Losses and Gains With COPD
Last updated: June 2023
I have battled being underweight or overweight all my life, shuffling between too small or too big. I intensely focus on input and output, or what I should eat and what I shouldn’t eat. Walking was my go-to when I needed to burn calories, but overall, exercise always seemed to be harder for me, no matter the task. I would become breathless in no time, and I was mostly deemed exempt from any kind of exertion.
Being an adult
I was doing okay at managing my adult weight, felt good, and looked better than I had in a long time. My walking 3 miles a day regiment was working, I had a great job, a kind husband, and the kids were turning into adults. It was no longer just about being a mom but now I was an adult with interests that didn’t only involve the kids.
Then the cough started. I was a cougher ever since I was born, and I knew smoking didn’t help, so for the most part I tried to ignore it. Then, came pneumonia and pleurisy. My doctor put me on puffers twice a day, along with prednisone and antibiotics. When I went to see him a week later, I had gained 10 pounds! I was too ashamed to talk about it. My doctor never said a word so neither did I.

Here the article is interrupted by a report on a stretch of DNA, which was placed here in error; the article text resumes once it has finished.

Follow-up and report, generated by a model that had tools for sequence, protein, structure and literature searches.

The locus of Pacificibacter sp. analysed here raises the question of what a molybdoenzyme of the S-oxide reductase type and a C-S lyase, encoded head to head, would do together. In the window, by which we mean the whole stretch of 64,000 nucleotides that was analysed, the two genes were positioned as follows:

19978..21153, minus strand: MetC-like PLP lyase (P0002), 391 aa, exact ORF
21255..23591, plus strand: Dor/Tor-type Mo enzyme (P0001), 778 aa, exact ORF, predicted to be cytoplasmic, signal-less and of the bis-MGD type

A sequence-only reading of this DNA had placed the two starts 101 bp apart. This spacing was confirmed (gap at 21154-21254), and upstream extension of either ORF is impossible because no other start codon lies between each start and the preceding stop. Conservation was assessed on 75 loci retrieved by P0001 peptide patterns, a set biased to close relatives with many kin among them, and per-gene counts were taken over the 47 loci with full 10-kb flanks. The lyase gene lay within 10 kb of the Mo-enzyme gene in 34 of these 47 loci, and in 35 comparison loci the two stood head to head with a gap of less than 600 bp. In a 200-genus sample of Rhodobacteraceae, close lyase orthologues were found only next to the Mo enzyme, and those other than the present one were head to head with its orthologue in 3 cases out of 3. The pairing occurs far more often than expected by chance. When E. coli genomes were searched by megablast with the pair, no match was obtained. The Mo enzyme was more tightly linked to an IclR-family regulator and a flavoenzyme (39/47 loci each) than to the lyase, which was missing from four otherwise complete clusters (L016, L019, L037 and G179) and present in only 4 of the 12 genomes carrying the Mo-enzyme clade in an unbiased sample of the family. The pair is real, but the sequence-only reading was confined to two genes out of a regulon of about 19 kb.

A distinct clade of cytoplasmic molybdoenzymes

Doing it all backwards
Gaining more weight made it harder to get around. The harder it got, the less I did. I was developing a problem with my balance and my steps became unsure. This meant less walking and more sitting. I planned and worked to make things as convenient as I could and eliminate as many steps as possible. Still, I continued to smoke.
Left to my own devices, I was pretty much doomed. In fact, the doctors told me that. It's funny how your body warns you of the things that you are too daft to understand about yourself. My heart and lungs were compromised and as I continued to neglect myself, my body was having none of it. I had a sudden cardiac arrest and I died on my kitchen floor. Thanks to my children and paramedics, I made it through. After a month of rest, I was enrolled in respiratory rehab, and it changed my life. I learned a new perspective on what living the good life felt like.
I found out that most of the things that happened to me were real and I was actually in survival mode with COPD. I gained a better perspective and learned why I did the things I did. There I learned how to do things properly. Living a sedentary life was no longer allowed and it was okay to push myself now. Becoming more active, I started to participate in life.
Now as my COPD journey begins, I find myself, surprisingly, on the losing end again. There seems to be no explanation or reason for it, so now I work every day to make sure that what I consume has the fats, vitamins, minerals, and proteins that are important to my well-being as I exercise to maintain optimal muscle mass.
Does your COPD make running errands more difficult?
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